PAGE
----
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Topics Your OB/Gyn Wants You to Know

No one likes to come to the gynecologist… in fact, we usually vie for last place on the popularity scale (along with dentists)! Many women struggle with body image, and going to the gynecologist forces women to expose even her most private parts. We get it. But you must remember, we see women of all shapes and sizes. We do not judge. We want you to be as comfortable as possible (and if that means leaving your socks and shoes on… we don’t mind one bit!)

There are no silly questions. We want to know what’s on your mind. We are used to talking about all those taboo topics such as, bleeding, leaking, sex, etc. So, take a deep breath, and ask those questions that you’ve been meaning to ask.

Gardasil can protect you (or your daughter). Gardasil, the vaccine to protect against HPV (Human Papillomavirus) and cervical cancer, is licensed for girls and boys, age 9 to 26. The American Congress of Obstetricians and Gynecologists recommends routinely vaccinating all girls (and boys) age 11 to 12. It is a series of three shots, over the course of 6 months. Most common side effects include pain or swelling at the injection site, fever, nausea, or fainting.

Pap smear guidelines have changed. Pap smears are screening tests for cervical cancer and should start at age 21 (unless a woman is immunocompromised). If a woman is low-risk, she can be screened every 2 years while in her twenties. “Co-testing”, or testing for HPV in addition to a Pap smear, is indicated for women aged 30 and above, and can allow Pap smears to be spaced out to every 3 to 5 years. Pap smears may be discontinued at age 65 or 70 for low-risk women. And, most women who have had a hysterectomy for non-cancerous reasons and have no history of high grade cervical dysplasia, no longer need Pap smears, regardless of her age.

A Pap smear and a pelvic exam are not the same thing. A pelvic exam consists of a speculum exam (yes, that metal duck-shaped thing) with inspection of the vagina and external genitalia and a bimanual exam. A Pap smear is the collection of cells from the cervix, which is the outer portion of the uterus. A brush or swab is used to collect those cells. While a Pap smear may not be necessary every year, a pelvic exam is recommended annually, as well as, a breast exam and complete physical exam. Annual mammograms should begin at age 40.

Break-through bleeding while taking birth control pills can be common, especially during the first three months of use. If a pill is missed or taken off-schedule, that can lead to spotting or bleeding. Smokers also tend to have higher rates of break-through bleeding. Extended cycle packs are more prone to break-through bleeding, as well. There are lots of different formulations of the Pill – low, medium, and higher doses of estrogen; low, medium, and higher potency progesterone; monophasic (which means the estrogen and progesterone is one, level dose throughout the pill pack), biphasic (the estrogen or progesterone levels change),or triphasic (three levels of estrogen or progesterone in each pack). If break-bleeding continues to be a problem, talk to your doctor about the options for trying to find one that will work better for you.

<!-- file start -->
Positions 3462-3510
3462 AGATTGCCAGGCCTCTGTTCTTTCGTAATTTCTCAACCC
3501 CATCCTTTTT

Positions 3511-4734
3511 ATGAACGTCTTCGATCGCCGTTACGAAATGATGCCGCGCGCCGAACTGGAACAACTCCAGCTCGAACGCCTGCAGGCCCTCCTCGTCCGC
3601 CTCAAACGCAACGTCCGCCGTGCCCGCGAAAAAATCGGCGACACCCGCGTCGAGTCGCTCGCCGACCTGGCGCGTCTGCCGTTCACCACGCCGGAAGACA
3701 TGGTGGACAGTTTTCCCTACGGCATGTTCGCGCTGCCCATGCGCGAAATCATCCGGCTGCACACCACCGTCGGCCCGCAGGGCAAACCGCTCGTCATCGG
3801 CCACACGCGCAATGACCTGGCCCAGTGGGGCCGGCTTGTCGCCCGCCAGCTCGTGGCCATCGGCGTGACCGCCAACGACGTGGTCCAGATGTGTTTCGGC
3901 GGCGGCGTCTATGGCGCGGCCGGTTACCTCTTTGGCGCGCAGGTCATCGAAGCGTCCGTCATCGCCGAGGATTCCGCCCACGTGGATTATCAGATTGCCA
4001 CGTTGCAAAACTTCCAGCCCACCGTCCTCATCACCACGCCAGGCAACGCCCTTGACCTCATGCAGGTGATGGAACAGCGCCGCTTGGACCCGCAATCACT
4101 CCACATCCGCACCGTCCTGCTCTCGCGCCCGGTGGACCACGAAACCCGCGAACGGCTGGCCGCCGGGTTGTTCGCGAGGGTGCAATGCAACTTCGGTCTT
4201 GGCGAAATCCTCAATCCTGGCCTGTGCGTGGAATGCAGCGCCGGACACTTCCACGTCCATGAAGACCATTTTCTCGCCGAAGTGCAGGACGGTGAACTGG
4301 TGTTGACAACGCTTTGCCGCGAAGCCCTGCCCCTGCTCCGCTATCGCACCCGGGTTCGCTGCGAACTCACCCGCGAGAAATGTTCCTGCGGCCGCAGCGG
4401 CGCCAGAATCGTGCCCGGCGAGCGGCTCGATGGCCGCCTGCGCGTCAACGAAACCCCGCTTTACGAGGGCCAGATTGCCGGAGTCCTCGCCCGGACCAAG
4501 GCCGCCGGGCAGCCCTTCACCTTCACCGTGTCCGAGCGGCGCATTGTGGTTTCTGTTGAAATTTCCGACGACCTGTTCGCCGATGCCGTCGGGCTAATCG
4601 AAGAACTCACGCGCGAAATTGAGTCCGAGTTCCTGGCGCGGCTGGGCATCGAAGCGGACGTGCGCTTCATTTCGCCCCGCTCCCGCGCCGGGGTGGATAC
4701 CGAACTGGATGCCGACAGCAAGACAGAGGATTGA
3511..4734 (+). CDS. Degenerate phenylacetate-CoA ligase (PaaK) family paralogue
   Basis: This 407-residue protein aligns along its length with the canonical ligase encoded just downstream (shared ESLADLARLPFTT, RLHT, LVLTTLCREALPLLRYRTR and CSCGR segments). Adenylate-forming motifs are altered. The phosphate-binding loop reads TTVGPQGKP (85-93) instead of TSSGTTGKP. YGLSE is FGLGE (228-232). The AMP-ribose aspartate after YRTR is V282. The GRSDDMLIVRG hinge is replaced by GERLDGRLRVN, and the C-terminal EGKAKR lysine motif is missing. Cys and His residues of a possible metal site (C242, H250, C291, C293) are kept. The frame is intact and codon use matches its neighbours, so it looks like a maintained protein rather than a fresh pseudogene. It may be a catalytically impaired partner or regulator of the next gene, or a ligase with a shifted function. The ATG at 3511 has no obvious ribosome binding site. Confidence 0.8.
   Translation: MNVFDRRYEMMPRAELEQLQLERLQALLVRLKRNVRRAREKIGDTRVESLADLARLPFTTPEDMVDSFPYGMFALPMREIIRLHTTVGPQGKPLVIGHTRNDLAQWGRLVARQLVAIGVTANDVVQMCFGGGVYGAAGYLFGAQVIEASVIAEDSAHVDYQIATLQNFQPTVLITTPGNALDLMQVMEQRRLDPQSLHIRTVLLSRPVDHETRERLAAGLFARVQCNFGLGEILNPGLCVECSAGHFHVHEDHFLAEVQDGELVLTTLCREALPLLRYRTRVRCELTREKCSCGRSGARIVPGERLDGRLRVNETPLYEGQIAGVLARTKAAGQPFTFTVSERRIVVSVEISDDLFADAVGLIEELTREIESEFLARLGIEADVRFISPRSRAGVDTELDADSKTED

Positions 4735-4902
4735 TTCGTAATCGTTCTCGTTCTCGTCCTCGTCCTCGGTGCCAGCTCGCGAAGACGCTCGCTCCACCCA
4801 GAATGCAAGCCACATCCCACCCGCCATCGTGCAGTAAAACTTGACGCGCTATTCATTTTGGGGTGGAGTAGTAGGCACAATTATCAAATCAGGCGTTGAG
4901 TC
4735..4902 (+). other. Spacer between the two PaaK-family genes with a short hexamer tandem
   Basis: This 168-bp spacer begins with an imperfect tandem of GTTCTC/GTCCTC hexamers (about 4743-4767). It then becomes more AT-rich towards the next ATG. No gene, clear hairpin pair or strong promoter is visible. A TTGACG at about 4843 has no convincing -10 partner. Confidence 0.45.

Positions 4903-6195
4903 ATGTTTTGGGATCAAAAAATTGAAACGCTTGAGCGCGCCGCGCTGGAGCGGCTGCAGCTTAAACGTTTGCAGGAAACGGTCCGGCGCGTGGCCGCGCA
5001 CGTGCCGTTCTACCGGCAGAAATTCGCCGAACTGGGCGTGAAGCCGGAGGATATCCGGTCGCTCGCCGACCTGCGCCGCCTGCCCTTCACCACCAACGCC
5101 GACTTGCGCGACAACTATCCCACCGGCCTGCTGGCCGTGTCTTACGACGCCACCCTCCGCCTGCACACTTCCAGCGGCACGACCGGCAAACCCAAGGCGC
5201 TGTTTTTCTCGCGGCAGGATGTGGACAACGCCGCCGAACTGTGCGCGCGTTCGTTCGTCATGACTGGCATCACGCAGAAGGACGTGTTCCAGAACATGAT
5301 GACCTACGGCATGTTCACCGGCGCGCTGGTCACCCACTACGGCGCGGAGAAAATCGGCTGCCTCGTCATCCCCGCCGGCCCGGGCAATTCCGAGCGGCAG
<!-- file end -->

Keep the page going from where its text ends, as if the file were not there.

Folic acid, a B vitamin, is recommended for all women of childbearing age. Folic acid can decrease the rate of birth defects, especially neural tube defects, and can reduce the incidence of prematurity. The routine dose of folic acid is 400mcg (this is found in most multivitamins and prenatal vitamins). For women who have had a pregnancy affected by a neural tube defect, the dose should be increased to 4mg. Folic acid can also be found in many foods including vegetables, beans, fruits, whole grains, and in fortified breakfast cereal.

Pregnancy is a long journey! All those crazy things that happen to your baby… normal! We know that the vast majority of women do get tired of being pregnant – very tired! However, elective induction of labor requires a serious discussion with your physician about the risks and benefits, and is not recommended before 39 weeks. The last weeks of your pregnancy are critical in the development of your baby’s brain, lungs, and digestive system.